authors of the study were keen to point out it had taken place in the immediate
afterglow of the Games and they were therefore cautious of this result.
Whether the Olympics impacted upon volunteering more widely is a mixed picture.
A 2013 survey by the Olympic legacy charity Join In found that 31% of respondents
said the Games Makers had positively changed the way they viewed volunteering,
but only 2% had volunteered more as a result of the Olympics.15 Meanwhile,
nfpSynergys 2013 research found only 2% more people had volunteered as a result
of the Games (see figure 1).16 This has led some commentators to suggest that the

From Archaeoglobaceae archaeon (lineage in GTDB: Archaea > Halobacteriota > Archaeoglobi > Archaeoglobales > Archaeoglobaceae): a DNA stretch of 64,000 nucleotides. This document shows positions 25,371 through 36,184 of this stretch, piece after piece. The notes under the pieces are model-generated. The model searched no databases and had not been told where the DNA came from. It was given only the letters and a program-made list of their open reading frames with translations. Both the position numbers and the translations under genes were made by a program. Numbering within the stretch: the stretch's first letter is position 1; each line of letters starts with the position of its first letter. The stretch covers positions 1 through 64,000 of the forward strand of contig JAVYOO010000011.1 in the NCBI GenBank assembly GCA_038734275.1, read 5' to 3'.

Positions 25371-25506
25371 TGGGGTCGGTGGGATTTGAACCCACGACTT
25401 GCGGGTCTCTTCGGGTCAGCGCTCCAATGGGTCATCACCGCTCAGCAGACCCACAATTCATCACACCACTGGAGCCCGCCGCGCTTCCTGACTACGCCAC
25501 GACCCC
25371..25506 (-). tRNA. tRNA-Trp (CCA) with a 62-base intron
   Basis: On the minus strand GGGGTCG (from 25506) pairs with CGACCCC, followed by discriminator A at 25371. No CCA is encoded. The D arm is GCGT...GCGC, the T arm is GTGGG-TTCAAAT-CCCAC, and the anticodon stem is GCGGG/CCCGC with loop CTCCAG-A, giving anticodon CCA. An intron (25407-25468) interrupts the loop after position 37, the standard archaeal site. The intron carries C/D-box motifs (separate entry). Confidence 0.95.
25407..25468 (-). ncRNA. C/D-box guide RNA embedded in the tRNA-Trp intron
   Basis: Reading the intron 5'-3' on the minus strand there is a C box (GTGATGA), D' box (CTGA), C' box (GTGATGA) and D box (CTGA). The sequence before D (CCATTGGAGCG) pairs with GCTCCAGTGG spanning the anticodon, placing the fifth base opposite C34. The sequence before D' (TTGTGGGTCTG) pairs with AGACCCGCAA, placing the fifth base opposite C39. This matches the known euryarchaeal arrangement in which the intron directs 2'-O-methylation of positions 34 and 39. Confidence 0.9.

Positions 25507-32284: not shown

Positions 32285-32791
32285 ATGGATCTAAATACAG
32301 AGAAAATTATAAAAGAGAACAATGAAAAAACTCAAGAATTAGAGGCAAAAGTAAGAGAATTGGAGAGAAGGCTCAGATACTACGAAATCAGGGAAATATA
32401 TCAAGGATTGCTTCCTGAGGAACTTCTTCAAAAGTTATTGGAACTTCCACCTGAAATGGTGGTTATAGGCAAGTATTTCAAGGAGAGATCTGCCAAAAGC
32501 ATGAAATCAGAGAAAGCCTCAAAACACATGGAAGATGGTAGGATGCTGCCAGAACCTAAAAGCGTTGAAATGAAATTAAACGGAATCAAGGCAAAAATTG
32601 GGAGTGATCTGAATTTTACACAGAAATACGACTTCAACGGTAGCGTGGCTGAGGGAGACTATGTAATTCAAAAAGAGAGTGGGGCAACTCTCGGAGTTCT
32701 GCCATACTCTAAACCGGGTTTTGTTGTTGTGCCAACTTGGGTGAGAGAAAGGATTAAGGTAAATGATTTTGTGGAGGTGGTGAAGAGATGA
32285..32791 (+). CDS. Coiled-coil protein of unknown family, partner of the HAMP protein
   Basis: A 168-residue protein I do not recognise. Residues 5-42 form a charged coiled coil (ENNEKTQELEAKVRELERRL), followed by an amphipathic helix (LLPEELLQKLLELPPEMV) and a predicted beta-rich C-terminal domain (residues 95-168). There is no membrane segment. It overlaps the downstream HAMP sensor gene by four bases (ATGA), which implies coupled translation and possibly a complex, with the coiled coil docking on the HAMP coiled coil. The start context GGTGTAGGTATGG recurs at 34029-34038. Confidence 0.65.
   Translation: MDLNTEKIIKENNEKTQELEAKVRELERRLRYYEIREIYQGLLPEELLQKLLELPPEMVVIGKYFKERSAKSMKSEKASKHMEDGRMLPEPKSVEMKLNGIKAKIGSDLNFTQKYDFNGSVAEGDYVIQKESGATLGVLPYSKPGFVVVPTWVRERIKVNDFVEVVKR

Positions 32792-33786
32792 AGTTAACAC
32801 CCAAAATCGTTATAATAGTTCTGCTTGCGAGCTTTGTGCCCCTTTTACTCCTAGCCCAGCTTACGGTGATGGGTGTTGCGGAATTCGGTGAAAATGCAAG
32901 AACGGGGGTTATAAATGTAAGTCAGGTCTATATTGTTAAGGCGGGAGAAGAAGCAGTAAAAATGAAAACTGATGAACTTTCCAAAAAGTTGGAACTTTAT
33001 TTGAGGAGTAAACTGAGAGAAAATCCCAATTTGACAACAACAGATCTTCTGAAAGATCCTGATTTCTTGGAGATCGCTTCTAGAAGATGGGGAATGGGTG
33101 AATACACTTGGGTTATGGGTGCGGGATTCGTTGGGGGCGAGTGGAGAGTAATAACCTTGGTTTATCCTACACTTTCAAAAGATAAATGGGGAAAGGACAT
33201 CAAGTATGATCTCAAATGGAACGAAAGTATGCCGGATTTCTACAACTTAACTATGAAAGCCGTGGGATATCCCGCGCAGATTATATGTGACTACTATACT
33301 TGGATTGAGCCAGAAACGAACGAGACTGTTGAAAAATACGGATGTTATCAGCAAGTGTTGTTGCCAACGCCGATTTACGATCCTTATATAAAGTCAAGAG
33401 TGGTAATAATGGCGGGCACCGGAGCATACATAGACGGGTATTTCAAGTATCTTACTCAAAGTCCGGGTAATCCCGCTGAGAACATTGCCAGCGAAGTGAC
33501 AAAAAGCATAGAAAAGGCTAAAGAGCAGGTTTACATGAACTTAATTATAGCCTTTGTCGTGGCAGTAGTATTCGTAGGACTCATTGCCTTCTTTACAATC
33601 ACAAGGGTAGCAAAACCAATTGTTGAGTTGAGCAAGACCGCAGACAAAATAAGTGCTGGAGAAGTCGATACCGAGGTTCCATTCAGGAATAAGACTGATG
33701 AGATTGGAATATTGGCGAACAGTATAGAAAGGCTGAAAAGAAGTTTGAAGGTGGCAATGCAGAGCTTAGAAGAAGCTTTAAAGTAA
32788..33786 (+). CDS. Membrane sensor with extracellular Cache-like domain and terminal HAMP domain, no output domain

Olympic effect will be short-lived and not translate into a long-term increase in
volunteering.17 This scepticism was reflected in our research.

The Olympics may have been good for the volunteering brand ...
On the plus side, there is a strong sense that the event boosted the profile of
volunteering and meant that for the first time, many people could turn on the TV
and think, Perhaps volunteering could be for me after all.

ex.pdf. Viewed March 26, 2014.

Jenna Pudelek (June 10, 2013) Half of People Don't Know Where to Find Out About Local Volunteering
Opportunities, Survey Shows Third Sector Online. Viewed March 26, 2014.

nfpSynergy (March 2013) Charity Awareness Monitor.

Jenna Pudelek (19 February 2013) Analysis: Is the Rise in Volunteering a Triumph for the Government?
Third Sector Online. Viewed April 17, 2014.

I think the Olympics is a good thing in that it lifted the veil for the public about how
volunteering wasn't necessarily as stereotypical - the little old lady in the charity